Two editors of Climate Feedback eventually admitted that they hadn’t seen Stossel’s video earlier.
But, having watched the video later, they also agreed with him that it wasn’t misleading, since they had noted that mismanagement by governments and climate change were both contributing factors to forest fires.
According to Stossel, Climate Feedback still failed to “correct their smear.”
It’s been better for Soave anyways. Soave had contacted Facebook as well as Science Feedback for clarification and correction.
He received an apology from Science Feedback on Tuesday, saying that the label “false information” had been applied incorrectly.
“We have taken another look at the Reason article and confirm that the rating was applied in error to this article,” they noted.
“The flag has been removed. We apologize for the mistake.”
Having requested additional details, Soave received this email from Ayobami Olugbemiga, Facebook’s policy communications manager stating:
“Thanks for reaching out and appealing directly to Science Feedback,” he penned.
“As you know, our fact-checking partners independently review and rate content on our apps and are responsible for processing your appeal.”
In the meantime, Stossel is suing Facebook, Science Feedback, and Climate Feedback.
Stossel acknowledges that a private company has the right to restrict, remove, or deprioritize content as it sees fit.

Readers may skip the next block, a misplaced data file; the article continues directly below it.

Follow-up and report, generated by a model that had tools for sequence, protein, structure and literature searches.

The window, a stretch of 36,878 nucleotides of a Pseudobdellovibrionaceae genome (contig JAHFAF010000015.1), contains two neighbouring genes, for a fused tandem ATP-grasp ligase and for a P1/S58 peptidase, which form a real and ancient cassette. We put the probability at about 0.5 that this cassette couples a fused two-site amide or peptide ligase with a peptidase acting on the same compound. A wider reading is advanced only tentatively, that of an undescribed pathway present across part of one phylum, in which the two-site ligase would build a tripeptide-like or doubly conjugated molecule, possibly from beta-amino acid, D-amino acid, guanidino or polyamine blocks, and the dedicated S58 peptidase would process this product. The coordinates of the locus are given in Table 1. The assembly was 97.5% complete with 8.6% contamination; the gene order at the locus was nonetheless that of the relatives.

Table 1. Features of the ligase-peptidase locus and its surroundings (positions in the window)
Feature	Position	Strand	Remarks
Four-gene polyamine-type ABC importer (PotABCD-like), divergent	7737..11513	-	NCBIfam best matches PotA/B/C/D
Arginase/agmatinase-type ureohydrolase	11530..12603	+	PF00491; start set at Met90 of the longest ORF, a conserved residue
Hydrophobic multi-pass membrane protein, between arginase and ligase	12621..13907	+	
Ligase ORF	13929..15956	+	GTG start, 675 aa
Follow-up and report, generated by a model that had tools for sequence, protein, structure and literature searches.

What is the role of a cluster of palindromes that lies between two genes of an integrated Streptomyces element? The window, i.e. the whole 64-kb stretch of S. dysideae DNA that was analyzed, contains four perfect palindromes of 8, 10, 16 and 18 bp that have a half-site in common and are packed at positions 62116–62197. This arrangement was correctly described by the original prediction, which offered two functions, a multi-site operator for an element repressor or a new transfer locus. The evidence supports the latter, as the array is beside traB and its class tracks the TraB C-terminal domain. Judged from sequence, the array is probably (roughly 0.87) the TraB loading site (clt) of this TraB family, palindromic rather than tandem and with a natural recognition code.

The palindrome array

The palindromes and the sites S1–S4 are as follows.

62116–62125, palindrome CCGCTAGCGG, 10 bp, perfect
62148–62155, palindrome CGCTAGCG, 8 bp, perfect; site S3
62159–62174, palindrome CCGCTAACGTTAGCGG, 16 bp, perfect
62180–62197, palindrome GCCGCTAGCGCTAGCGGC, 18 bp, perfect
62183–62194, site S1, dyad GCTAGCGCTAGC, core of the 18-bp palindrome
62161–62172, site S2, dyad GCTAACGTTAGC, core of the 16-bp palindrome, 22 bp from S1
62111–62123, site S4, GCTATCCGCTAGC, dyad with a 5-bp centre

Furthermore, the science behind climate change can be argued over by individuals and organizations alike.
The fact-checkers, Stossel claims, defamed him by attributing to him a quotation which he never made.
“This case presents a simple question: do Facebook and its vendors defame a user who posts factually accurate content when they publicly announce that the content failed a ‘fact-check’ and is ‘partly false,’ and by attributing to the user a false claim that he never made?” Stossel’s lawyers wrote in their filing. “The answer, of course, is yes.”
In the US, companies like Facebook, Google, Twitter, and YouTube are immune from lawsuits based on defamation for the speech of actors on their platforms because of Section 230 of the Federal Communications Commission Act.
Generally, users cannot sue Facebook for libel.
For the company’s own speech, there is an exception—you might be able to sue Facebook if an employee issues a press release or makes an online statement.
Even though Facebook has acknowledged that it does pay third-party fact-checkers, the company insists that the third parties are independent and distinct.
Republicans and Democrats alike want Section 230 to be scrapped entirely.
To name a few, there is the former president of the United States, Donald Trump, and former President Joe Biden.
In terms of overly aggressive fact-checking and content moderation, getting rid of Section 230 wouldn’t solve the problem, but it could alleviate it.
Nonetheless, it may even worsen the situation.
Facebook will likely be less permissive the more liability it is exposed to.
Notwithstanding, the status quo remains unsatisfying, however.
The fact-checkers decision to reverse course in Soave’s case is a good thing, but Facebook should reconsider its formally-binding relationship with a company that consistently misquotes its subject matter.